The Importance of Correct Punctuation

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Words are the raw ingredients of communication. When we speak, we use inflection and pauses (together with facial expression and body language when we have visual contact) to add layers of meaning to the words. On the page, punctuation serves the same purpose.

Just as tone of voice may vary to suit the speaker’s intent, so might punctuation. Compare these two examples to see what a difference punctuation can make.

Dear John,
I want a man who knows what love is all about. You are generous, kind, thoughtful. People who are not like you admit to being useless and inferior. You have ruined me for other men. I yearn for you. I have no feelings whatsoever when we're apart. I can be forever happy—will you let me be yours?
* * *
Dear John:
I want a man who knows what love is. All about you are generous, kind, thoughtful people, who are not like you. Admit to being useless and inferior. You have ruined me. For other men, I yearn. For you, I have no feelings whatsoever. When we're apart, I can be forever happy. Will you let me be?

The exact same words convey diametrically different messages with a change of punctuation. In this case the difference was intentional. In real life (read "your writing") inadvertent omissions or errors may cause unintentional confusion. It’s worth investing a little time in boning up on punctuation basics to avoid mishaps and misunderstandings.

That leads me to some shameless self-promotion. One of the unique features of my book, The Heart and Craft of Lifestory Writing, is a brief, but comprehensive guide to all the punctuation you need for writing life stories, essays or memoir. It’s conveniently arranged in table format with brief examples to show how each rule works. That chapter also includes an overview of basic grammar and other ways to avoid confusion and convey the message you intend.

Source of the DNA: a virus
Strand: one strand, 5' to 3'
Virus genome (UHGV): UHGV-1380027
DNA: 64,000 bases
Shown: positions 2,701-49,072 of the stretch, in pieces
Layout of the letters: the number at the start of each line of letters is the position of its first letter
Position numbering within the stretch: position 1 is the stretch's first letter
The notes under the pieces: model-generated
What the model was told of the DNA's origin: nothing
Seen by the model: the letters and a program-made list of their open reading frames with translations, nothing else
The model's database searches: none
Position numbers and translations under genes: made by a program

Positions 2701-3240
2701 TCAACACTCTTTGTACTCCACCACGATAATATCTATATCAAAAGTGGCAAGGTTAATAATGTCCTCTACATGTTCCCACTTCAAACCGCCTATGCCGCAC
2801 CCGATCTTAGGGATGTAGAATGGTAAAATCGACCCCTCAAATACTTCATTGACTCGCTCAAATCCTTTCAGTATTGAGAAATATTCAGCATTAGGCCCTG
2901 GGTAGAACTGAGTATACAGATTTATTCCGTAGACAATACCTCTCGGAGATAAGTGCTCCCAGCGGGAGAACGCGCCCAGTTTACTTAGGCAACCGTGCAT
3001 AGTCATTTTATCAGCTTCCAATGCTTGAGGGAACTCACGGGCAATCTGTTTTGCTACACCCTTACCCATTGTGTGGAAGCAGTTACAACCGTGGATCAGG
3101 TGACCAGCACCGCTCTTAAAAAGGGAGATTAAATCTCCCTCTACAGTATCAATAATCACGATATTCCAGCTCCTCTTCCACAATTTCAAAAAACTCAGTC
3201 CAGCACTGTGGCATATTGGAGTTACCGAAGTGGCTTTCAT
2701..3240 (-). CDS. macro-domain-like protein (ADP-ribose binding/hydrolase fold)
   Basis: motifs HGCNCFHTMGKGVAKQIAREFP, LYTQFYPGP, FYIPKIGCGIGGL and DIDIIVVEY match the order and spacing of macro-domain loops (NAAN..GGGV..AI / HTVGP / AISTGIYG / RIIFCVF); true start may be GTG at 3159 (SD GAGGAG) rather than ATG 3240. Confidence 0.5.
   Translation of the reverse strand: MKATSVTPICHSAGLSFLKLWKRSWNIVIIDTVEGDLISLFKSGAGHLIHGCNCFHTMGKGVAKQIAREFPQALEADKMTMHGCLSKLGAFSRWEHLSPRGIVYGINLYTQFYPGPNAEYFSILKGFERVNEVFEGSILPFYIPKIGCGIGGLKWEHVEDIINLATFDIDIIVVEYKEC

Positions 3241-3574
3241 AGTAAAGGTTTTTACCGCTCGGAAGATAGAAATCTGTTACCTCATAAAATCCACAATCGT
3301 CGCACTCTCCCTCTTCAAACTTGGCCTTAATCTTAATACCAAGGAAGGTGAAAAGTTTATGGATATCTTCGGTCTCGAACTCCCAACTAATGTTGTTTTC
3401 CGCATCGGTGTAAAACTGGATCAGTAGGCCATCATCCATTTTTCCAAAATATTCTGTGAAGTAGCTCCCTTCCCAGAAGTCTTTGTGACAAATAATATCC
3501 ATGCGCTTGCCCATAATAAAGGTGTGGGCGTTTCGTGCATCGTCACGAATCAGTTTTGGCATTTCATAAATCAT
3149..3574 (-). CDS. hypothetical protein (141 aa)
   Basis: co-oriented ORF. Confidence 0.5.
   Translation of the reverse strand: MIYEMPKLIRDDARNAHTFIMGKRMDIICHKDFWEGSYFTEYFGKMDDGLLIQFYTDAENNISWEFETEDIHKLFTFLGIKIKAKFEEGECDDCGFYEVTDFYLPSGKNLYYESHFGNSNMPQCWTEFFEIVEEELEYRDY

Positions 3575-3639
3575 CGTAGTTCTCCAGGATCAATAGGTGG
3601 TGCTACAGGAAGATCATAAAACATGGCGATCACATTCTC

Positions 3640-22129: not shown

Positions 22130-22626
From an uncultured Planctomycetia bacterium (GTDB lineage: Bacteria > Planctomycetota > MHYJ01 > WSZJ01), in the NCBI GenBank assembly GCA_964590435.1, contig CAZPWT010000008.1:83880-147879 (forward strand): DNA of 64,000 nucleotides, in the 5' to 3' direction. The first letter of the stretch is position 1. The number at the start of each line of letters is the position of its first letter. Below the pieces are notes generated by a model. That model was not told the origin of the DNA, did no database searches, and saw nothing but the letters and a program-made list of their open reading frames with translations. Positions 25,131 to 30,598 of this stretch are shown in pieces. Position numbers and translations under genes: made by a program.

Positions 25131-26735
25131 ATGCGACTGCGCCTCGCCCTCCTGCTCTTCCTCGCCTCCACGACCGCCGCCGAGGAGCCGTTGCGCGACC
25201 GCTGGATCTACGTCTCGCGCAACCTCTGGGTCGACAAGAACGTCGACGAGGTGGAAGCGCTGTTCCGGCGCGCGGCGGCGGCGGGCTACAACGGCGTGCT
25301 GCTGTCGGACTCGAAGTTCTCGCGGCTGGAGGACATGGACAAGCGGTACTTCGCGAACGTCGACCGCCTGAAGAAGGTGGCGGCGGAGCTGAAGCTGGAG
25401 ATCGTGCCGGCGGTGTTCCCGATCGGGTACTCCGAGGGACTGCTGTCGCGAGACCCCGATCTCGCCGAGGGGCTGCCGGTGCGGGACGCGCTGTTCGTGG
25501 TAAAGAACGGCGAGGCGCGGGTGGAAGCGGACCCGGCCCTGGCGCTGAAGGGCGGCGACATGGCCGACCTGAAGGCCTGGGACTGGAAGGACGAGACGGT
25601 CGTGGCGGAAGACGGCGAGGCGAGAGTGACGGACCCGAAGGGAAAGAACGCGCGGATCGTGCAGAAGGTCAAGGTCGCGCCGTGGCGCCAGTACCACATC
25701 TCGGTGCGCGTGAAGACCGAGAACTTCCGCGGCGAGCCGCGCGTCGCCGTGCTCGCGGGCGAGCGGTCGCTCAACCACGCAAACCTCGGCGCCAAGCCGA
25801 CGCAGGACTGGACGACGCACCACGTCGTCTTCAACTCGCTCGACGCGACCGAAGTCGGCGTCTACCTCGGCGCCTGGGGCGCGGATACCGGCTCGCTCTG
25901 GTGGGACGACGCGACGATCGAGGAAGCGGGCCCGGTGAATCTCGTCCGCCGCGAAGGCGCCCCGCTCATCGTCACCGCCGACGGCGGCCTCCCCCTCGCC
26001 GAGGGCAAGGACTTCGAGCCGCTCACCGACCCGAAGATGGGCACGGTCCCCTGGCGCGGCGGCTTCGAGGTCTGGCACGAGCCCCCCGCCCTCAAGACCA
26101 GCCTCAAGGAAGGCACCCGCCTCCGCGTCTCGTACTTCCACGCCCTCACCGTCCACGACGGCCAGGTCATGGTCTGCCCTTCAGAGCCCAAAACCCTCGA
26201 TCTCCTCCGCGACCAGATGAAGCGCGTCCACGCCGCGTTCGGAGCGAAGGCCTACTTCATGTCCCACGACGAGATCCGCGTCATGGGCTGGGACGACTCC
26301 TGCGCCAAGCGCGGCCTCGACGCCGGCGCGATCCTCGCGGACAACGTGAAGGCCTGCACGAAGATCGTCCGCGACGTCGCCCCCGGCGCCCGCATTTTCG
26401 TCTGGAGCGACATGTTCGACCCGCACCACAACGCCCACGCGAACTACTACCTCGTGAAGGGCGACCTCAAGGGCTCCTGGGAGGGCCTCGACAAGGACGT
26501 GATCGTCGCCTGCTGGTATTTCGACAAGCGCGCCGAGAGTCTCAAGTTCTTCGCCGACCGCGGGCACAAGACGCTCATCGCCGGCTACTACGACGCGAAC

You don’t need to buy the book unless you want to take advantage of the comprehensive set of other writing tools it includes. You can track down the punctuation information for free on any of hundreds of Internet sites, or you may already have a book that covers it extensively. The advantage of my book is having it all at your fingertips on just a few pages. However you get it, whatever your resource, do take a few minutes to bone up and give your words the polish they deserve.

Write now: pull out a story you wrote a few months ago. Check to see if all the commas are right, using whatever resources you have available, web or print. How about the dialogue? (You did use dialogue, right?) Is it punctuated correctly?


Creativity Coach-Sherrie said...

I plan to share the punctuation lesson with my new students (grade 10-12). Thanks for re-posting that.
I was trying to have your tips on my blog, but it didn't work. Somehow I ended up with Mike's Writing tips, which I had already posted.
You can check out my blog at:

Sharon Lippincott said...

High school students should really get a kick out of these examples -- I bet they love your class. Mike's tips are also great. Thanks for stopping by and letting us know about your blog.

Shaddy said...

I've never seen two identical paragraphs, punctuated in two different ways, that communicate opposite meanings.

Thank you for sharing the importance of punctuation in this post. I think I have a pretty good handle on it, but one never knows it all, that's for sure.

Sharon Lippincott said...

In the interests of full disclosure, I should have stated that I did not create these two paragraphs. They float around cyberspace via e-mail, and are probably on umpty sites. I've just never seen a better example of the power of punctuation.

Karen Walker said...

I agree, Sharon. This is an excellent example of the importance of correct punctuation. It is not my strong suit and I look to others for help in this area. Thanks for being one of those people.

Sharon Lippincott said...

It's a wise writer Karen, who relies on multiple sets of eyes.